Evita Goze

Dhruv Malhotra

Posted in inspiration, photography, writings by evitagoze on July 9, 2011

Online photography magazine fotokvartals.lv recently published my short interview with photographer Dhruv Malhotra who I met in Brighton Photography Biennale last year. On their website is the latvian version. Here you can take a look at the english one:

1. You had been studying economics. What made you to switch to photography?

I finished my BA in Economics in 2006 and by then i’d gotten really disillusioned with the subject. I’d been making images with a small point and shoot and after college i bought a DSLR and that led me deeper and deeper into the photograph. I bought my Mamiya RZ67 in 2008 and after that there was no going back.

 2.Why do you prefer shooting at night? Does the darkness help you to capture something you wouldn’t be able to capture in the daylight?

I have always been attracted to the night, there is a sense of mystery in the darkness that is not accessible by day. I prefer the solitude and the process of working at night, with a tripod, long exposures and patience. The night conceals much from your vision and only by looking intently can one peel back the layers of darkness; i find some poetry in this; the longer you look, the more you see.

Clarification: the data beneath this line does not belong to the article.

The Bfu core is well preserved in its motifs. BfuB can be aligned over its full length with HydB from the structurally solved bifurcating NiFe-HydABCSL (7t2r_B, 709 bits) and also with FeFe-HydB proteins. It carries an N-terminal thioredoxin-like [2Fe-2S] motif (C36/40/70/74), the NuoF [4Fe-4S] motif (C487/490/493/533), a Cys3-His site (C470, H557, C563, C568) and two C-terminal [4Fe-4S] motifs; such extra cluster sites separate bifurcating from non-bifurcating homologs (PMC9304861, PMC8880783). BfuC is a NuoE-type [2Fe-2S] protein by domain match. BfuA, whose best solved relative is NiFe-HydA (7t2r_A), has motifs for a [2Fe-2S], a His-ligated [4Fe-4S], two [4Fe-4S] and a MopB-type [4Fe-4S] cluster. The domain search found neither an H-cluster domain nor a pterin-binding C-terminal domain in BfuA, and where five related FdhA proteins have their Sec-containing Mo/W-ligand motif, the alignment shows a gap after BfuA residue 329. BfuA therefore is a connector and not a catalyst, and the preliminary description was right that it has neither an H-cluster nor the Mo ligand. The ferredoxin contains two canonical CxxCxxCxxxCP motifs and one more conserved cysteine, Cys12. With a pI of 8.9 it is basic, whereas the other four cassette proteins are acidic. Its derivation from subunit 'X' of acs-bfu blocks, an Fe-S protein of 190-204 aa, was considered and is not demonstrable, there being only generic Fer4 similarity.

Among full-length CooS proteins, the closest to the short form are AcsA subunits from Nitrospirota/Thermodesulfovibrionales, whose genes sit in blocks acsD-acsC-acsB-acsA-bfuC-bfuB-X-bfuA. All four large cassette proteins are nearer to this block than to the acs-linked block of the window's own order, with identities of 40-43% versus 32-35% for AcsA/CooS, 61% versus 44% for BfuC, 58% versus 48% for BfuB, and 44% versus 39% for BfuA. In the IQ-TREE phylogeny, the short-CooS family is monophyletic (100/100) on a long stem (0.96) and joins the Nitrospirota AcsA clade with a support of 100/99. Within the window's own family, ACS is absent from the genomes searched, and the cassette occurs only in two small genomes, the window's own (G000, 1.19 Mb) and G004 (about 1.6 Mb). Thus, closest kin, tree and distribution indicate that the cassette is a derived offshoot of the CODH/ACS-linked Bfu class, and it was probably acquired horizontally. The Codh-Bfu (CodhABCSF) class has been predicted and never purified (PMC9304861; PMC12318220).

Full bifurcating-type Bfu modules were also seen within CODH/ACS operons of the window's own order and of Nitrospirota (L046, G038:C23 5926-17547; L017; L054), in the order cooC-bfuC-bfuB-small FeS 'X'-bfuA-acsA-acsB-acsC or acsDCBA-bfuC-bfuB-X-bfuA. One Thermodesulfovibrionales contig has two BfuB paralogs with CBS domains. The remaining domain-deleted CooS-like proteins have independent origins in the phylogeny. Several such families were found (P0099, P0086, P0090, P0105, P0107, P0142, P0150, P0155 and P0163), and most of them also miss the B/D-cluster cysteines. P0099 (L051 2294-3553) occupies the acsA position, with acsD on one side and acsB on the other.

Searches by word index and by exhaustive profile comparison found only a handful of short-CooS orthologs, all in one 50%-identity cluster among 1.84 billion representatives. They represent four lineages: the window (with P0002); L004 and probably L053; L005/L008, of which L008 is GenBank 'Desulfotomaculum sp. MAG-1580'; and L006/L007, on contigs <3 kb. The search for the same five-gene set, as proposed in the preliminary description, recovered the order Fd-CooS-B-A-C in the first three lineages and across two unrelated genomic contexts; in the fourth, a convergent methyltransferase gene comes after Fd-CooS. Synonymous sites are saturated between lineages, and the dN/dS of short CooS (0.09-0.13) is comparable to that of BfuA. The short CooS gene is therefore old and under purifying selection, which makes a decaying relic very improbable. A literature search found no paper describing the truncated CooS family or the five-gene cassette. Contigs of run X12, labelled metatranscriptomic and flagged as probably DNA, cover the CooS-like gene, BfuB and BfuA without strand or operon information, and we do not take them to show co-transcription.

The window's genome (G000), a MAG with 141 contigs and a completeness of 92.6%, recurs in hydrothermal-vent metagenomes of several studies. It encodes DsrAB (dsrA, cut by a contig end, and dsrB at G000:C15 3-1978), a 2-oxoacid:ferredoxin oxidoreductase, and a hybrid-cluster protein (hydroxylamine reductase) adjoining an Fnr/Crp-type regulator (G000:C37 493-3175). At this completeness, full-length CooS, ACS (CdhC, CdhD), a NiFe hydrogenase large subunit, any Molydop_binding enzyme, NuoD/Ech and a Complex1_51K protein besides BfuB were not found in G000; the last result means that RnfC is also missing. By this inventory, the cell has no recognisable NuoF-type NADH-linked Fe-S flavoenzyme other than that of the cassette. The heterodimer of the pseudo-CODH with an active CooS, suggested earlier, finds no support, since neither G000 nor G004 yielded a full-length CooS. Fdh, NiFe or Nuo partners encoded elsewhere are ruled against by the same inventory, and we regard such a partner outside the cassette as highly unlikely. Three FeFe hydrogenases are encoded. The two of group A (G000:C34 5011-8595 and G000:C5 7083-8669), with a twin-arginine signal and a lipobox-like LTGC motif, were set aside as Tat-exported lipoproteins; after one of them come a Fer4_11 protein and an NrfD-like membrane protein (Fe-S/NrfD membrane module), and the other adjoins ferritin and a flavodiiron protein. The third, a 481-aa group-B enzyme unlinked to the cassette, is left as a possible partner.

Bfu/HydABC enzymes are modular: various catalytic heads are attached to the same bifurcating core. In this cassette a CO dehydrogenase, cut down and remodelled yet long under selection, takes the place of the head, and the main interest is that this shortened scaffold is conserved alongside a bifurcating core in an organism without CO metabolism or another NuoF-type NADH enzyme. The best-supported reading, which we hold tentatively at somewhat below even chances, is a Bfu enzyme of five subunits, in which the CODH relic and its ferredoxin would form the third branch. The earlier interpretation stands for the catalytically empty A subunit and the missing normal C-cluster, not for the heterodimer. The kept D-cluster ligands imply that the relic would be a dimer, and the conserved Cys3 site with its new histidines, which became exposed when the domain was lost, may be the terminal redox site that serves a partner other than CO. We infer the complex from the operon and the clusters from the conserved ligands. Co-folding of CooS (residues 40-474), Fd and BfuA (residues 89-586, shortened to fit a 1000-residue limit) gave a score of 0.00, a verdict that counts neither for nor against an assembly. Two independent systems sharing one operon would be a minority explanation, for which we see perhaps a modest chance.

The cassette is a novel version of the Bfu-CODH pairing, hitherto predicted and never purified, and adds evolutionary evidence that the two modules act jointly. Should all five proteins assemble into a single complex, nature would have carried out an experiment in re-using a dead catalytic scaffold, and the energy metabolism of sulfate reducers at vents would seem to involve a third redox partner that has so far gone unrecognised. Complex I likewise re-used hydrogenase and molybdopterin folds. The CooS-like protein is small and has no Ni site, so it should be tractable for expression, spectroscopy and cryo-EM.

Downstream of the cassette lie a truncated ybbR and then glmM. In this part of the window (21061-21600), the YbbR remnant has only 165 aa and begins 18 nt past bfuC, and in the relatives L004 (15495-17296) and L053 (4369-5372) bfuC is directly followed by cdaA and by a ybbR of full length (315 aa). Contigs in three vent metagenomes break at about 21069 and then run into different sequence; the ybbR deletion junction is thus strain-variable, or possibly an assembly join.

3.Could you tell a bit more about your “Sleepers” series. How did you get this idea and what was important for you to depict?

“Sleepers” grew out of an earlier project, “Noida Soliloquy”, which was about the urban city at night and the suburb of New Delhi i was living in from 2007 – 2010.

When i was out prowling the night for pictures, I would make many images of people sleeping out in the open, with the enviornment and the space they were inhabiting and with time it grew into a project of its own.

It is important for me to contextualise the Sleeper within their enviornment and see the human figure almost as a sculpture of sorts within the man made urban enviornment.

 4. Have you ever felt threatened when taking photographs at night?

Definitely. Noida, the city where i was living, had one of the highest crime rates in India and i would usually go out with a can of pepper spray. In one incident, i was attacked by 4 men on bikes and i had to use the pepper spray on them to be able to run away from the situation with my camera, tripod and lenses.

 5.You are currently living in New York and doing a residency in the School of Visual Arts, right? Have you started to work on any new projects there and could you tell a bit about it?

I recently concluded a residency called the Photo-Global at the School of Visual Arts in NYC which i got a scholarship for at the Hyeres festival in France last year.

My work in New York has expanded my interrogation of space and the urban into new directions where i would make constructions, and photograph them by night in the context of their environment, to allude to the process of identification and the internal structuring of urban space.

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